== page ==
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Re: [Fwd: Re: PUT vs strong ETags]

From: Wilfredo Sánchez Vega <wsanchez@wsanchez.net>
Date: Wed, 7 Dec 2005 18:32:04 -0800
Message-Id: <91C56E5D-CE4D-4B38-AE79-763347703920@wsanchez.net>
Cc: Lisa Dusseault <lisa@osafoundation.org>, Julian Reschke <julian.reschke@gmx.de>, WebDAV <w3c-dist-auth@w3.org>
To: Jim Whitehead <ejw@soe.ucsc.edu>

On Dec 7, 2005, at 5:49 PM, Jim Whitehead wrote:

> I don't have a firm read on whether the Apache HTTPd behavior is  
> non-compliant. However, I strongly feel that its current behavior  
> is very bad for clients.
>
> What clients really need is for the ETag to not change unless the  
> content changes.

   Well, I'd argue that what they *really* need is for the ETag to  
change if the content changes.

   While I agree than changing the ETag for otherwise-same content is  
inconvenient and best avoided, unless it's happening a lot (it this  
case it happens at most once), I don't see that as tragic.

   Note that this situation only arises during the one-second span of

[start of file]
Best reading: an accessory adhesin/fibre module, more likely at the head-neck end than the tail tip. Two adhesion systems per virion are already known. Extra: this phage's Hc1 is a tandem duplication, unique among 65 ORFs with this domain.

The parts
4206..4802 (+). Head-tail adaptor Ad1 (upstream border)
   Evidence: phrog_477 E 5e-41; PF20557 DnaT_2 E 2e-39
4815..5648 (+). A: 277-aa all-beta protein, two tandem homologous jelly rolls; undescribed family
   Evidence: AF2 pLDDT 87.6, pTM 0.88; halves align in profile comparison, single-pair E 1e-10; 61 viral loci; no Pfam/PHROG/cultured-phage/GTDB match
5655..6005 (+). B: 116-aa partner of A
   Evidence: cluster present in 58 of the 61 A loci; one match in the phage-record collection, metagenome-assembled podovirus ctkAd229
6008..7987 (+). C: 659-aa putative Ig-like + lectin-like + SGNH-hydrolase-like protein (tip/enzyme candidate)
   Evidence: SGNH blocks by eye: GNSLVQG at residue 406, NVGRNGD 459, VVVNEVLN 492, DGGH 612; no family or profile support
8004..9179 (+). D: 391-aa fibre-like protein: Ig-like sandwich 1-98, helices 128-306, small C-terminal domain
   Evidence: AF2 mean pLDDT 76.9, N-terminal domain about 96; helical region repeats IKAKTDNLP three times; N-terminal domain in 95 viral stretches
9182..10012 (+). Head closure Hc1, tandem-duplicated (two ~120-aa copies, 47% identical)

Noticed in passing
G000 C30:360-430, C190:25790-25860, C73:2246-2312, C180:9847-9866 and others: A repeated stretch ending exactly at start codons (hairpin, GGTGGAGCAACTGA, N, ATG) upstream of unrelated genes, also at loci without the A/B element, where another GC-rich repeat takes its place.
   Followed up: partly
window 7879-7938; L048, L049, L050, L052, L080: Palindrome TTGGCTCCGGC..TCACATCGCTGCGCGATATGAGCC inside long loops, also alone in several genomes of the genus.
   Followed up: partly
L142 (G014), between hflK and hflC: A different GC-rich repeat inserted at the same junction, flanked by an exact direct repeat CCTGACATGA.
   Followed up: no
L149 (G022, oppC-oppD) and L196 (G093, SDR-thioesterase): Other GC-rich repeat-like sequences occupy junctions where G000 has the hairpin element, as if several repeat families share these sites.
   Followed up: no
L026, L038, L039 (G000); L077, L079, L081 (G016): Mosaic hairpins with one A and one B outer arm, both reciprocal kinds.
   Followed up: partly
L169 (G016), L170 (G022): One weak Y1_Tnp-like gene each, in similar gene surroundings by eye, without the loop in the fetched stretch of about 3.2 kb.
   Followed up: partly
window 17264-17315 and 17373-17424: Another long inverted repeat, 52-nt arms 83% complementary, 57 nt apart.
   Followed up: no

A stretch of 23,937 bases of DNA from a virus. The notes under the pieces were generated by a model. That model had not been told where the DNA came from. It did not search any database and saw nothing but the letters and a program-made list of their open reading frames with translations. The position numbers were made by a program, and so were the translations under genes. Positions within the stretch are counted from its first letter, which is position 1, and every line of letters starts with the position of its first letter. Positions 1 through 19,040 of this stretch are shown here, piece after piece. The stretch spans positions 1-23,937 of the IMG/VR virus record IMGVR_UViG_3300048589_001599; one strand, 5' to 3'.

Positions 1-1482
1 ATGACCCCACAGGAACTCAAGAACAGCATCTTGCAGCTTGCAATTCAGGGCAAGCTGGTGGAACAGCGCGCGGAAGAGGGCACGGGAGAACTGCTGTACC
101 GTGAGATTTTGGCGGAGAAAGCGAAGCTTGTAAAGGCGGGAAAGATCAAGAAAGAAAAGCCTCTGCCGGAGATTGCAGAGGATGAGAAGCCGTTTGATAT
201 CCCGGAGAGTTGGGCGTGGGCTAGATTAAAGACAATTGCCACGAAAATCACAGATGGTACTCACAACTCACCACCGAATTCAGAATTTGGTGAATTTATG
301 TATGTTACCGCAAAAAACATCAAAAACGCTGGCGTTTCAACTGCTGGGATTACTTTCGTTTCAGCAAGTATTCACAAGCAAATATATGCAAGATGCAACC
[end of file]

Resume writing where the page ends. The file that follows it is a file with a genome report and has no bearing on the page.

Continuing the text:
time that a resource is modified.  That does mean that it's almost  
always going to yield the "temporary" ETag on a PUT request, but  
rarely on a GET.

   As long as httpd is using a filesystem timestamp to compute the  
ETag, this is going to be unavoidable.  An MD5 hash would be a great  
ETag, but it, and anything that involves opening the file, is far  
more expensive to compute.  I think the trade-off here is a  
reasonable one, given the data we have available.  The other option  
is to punt and not emit an ETag, since we arguably don't have  
accurate enough information.  But I think that would be worse.

   Anyway, whether it changes or not is unrelated to the issue I'm  
angling for, which is whether the use of a weak etag is wrong.

> So, if an ETag starts out weak, it should stay weak. If it starts  
> strong, it should stay strong. The weak->strong transition is a  
> problem. I don't think clients care particularly about weak vs  
> strong etags. In fact, if the server does some amount of background  
> processing on the content, but returns a semantically equivalent  
> representation then the server should be using weak etags  
> consistently, AFAIK. For example, if a CalDAV server receives an  
> event, bursts it out into its database, then reconstructs a  
> slightly different XML representation that is semantically  
> equivalent, it should only be using weak etags in this case to  
> represent the fact that there are minor tweaks to the  
> representation of the resource.

   OK, that's a vote for "the weak etag is wrong".

	-wsv
Received on Thursday, 8 December 2005 02:35:32 GMT

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